Granulocyte-mediated injury to herpes simplex virus-infected human endothelium

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Abstract

Some endothelial-injury syndromes, including atherosclerosis, may involve herpes simplex virus (HSV) infection. Examining the mechanism of injury, we found adherence of unstimulated granulocytes to HSV infected endothelium to be twice that to uninfected endothelium (34.8 ± 1.1 versus 18.8 ± 0.5%; mean ± SEM; p < 0.001) which further increased in the presence of anti-HSV antibodies. Enhanced adhesion was accompanied by excessive granulocyte-mediated lysis of 51Cr-labeled, HSV-infected endothelium (16.4 ± 0.9%, HSV-infected versus 0.9 ± 4.5% for uninfected endothelium; p < 0.01). HSV infection also increased granulocyte-mediated endothelial cell detachment from its substratum (14.7 ± 1.7% versus 3.3 ± 0.3% for uninfected endothelium; p < 0.001), which further increased (p < 0.01) in the presence of immune complexes (IgG-sensitized erythrocytes). This suggests that neo-Fc receptors of infected endothelium bind IgG-coated particles, which, in turn, attract and stimulate granulocytes. In support, granulocyte-mediated detachment was not enhanced by immune complexes if endothelium was infected with a mutant HSV strain (E3/3) that does not produce glycoprotein E, the viral glycoprotein having Fc-receptor activity. Exaggerated endothelial detachment correlated with poor binding of infected endothelial cells to the substratum matrix protein, fibronectin. Resuspended, virus-infected endothelial cells bound significantly less well to tissue-culture wells coated with both low (p < 0.001) and high (p < 0.05) concentrations of fibronectin as compared with uninfected endothelial cells, a dichotomy further worsened in the presence of granulocyte-released elastase. We conclude that HSV-infected human endothelium is vulnerable to granulocyte-mediated injury by opposing alterations in its adhesive properties: its increased binding of granulocytes and its weakened tethering to matrix fibronectin, particularly when exposed to secreted granulocyte proteases, such as elastase.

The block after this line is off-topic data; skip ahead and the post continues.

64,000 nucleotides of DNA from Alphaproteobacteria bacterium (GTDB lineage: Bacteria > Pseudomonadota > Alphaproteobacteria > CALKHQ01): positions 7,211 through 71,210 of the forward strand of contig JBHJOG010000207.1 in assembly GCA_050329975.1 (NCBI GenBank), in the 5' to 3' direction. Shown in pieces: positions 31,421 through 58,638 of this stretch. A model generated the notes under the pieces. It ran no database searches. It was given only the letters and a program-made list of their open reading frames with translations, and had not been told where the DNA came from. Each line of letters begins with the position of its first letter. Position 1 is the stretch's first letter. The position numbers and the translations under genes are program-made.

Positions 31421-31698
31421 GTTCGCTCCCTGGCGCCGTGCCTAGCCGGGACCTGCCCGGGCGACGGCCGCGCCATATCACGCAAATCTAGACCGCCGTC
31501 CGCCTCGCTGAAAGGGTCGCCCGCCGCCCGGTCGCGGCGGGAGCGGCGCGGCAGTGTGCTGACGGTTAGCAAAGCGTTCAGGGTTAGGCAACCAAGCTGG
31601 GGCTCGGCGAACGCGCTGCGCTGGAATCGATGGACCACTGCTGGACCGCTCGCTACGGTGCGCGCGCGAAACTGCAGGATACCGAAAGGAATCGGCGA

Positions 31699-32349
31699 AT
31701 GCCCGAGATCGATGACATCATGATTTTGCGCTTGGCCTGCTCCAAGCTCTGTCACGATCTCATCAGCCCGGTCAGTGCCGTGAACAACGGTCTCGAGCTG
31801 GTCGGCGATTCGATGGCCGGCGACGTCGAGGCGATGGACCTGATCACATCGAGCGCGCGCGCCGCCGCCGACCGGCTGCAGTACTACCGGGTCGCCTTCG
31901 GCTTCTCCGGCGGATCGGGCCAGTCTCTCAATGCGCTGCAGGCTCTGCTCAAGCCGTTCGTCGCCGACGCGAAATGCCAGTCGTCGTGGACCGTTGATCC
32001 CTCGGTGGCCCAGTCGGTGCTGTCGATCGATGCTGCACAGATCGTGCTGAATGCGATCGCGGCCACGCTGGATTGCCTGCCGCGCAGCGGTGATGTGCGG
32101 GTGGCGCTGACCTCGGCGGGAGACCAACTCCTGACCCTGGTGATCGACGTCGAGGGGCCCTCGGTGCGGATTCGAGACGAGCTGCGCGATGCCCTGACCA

Original languageEnglish (US)
Pages (from-to)296-304
Number of pages9
JournalLaboratory Investigation
Volume60
Issue number2
StatePublished - 1989

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